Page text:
A Queens Ransom

I used to think myself such the righteous
defender of dandelions. But every weed takes its turn.
I rubbed them on everyone’s chin
for the stolen child
who whipped the rushing river with her golden hair
drown leaves and unquieted mothers’ dreams
I’d left her
for my own essential source of panic
in the error of my evolution
I’d lost something, maybe never
had it—sure that my body had something to do with it,
our espousing self,
the androgynous Animus
kept warm with bread and olive oil, burned
but raw at the core
I do not know what else to do
honored and revered, cult-like with our own despair
around and around the same impasse.

What are your personal disciples like?
Children wandering in someone else’s field.
I am almost totally deaf. All I can hear
is the harshest of birds—crows, blue jays—
the pounding washing machines, buzzes of the phones—
everything non-essential comes through.

Nettle and pigweed.        I see it
like a boat on the empty lake
rowing its empty passengers towards me.

I’m tired of wine, tired of trying.
It’s like
       there are the canonical gospels.
And then there’s the oral tradition of screaming.

During the Nap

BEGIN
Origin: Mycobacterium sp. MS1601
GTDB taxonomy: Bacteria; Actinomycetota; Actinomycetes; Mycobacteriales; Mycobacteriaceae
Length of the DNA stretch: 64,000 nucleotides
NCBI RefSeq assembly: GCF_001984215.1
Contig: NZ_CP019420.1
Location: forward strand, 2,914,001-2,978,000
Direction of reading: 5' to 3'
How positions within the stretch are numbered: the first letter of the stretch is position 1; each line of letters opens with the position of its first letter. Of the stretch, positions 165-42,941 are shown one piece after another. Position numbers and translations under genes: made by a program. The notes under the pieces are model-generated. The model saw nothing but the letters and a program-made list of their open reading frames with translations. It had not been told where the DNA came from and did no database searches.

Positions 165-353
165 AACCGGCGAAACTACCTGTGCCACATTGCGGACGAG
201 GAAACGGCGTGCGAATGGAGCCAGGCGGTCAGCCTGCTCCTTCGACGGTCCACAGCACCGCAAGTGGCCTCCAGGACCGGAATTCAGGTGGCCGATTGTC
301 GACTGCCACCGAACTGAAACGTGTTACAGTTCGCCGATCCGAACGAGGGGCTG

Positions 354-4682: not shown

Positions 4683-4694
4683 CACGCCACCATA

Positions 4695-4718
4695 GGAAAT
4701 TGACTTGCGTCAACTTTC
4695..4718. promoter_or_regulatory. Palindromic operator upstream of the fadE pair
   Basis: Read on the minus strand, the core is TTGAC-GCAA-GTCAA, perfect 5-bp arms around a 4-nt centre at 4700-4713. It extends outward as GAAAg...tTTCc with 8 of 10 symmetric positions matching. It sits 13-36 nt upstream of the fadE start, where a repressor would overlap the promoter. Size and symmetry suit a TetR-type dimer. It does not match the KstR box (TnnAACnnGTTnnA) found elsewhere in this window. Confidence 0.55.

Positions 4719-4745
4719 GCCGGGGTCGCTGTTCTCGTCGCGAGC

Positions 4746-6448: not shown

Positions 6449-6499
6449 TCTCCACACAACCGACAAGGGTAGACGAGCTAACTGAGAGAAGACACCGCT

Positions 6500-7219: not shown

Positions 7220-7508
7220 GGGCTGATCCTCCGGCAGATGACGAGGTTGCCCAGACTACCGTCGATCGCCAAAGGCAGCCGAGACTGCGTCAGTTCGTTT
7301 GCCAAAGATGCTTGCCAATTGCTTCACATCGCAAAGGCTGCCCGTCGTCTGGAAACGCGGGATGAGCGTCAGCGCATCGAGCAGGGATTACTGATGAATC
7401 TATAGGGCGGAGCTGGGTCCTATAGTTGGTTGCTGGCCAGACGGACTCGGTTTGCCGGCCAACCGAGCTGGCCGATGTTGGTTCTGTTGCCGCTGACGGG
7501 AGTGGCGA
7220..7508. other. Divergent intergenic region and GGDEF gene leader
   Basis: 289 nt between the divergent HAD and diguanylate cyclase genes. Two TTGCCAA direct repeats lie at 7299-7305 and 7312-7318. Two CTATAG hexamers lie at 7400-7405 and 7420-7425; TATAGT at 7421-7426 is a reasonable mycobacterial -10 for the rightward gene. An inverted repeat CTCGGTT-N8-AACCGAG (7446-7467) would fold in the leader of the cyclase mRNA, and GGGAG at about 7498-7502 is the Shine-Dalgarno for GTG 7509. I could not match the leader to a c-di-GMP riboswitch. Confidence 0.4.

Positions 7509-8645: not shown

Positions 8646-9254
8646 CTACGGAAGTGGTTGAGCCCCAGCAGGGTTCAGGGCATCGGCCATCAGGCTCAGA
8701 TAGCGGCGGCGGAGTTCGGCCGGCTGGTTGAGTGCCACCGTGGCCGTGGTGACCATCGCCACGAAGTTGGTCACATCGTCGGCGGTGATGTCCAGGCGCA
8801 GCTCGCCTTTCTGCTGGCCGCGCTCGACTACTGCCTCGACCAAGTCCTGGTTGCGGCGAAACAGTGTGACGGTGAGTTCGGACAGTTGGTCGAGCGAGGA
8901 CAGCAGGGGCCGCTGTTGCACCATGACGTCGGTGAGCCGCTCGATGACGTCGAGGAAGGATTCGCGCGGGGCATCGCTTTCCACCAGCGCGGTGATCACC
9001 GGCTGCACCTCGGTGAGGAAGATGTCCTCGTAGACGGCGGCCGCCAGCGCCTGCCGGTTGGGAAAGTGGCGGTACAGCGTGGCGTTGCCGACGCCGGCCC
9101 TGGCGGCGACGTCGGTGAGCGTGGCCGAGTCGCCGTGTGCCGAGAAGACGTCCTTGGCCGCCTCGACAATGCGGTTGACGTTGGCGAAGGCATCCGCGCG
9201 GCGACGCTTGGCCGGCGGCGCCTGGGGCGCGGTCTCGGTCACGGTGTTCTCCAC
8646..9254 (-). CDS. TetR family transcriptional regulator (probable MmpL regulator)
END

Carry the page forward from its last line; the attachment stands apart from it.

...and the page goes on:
A ball of light at the perineum
makes its way to the skull
like an air bubble in the vein.
Your daughter is sleeping.
Her lashes down
like the fringe of piano shawls.
Her fingers point at an angle
like a Giotto. She is sleeping
and for a moment
you are free.
But all you can do is wait
and watch. It is all your
fault—that she is stunning
and innocent and defenseless.
You are the battery
inside the frightening bear
that speaks and sings like an evangelical when shook.
You’re the freak at the gate
who will do anything
for the tiny mad queen.
The sniper in the tower
with no name.


Secretly, the plan is to drink and drink and drink
the whole fucking world—well
who has a better idea?
There’s a lot more apart from self
hatred…isn’t there? Why does it seem
so crucial? Well, someone
needs to hold you
accountable for being born
at the top
of the food chain. You sit there
looking out the window
at the perfect balance of it all
hoping no one asks
what it means. O,
you know what it means.
You feel aghast at it.
In your ganglia, your kidneys.
When it hits home,
(which it does at least once
every day)
that it is something
good, not to be suicidal over,
you shudder and shift
and exploded within,
much like the world did
when it was made.

Bianca Stone is a poet and visual artist. Her books include  Someone Else’s Wedding Vows (Tin House & Octopus Books 2014) and The Mobius Strip Club of Grief (Tin House, 2018). Her poems have appeared in The Baffler, The New Yorker and Poetry.  Her newest book is “A Little Called Pauline,” a poetry comic’s children’s book of a Gertrude Stein (Penny Candy Books, 2020). She lives in Vermont. 

Featured image: ractapopulous (Pixabay)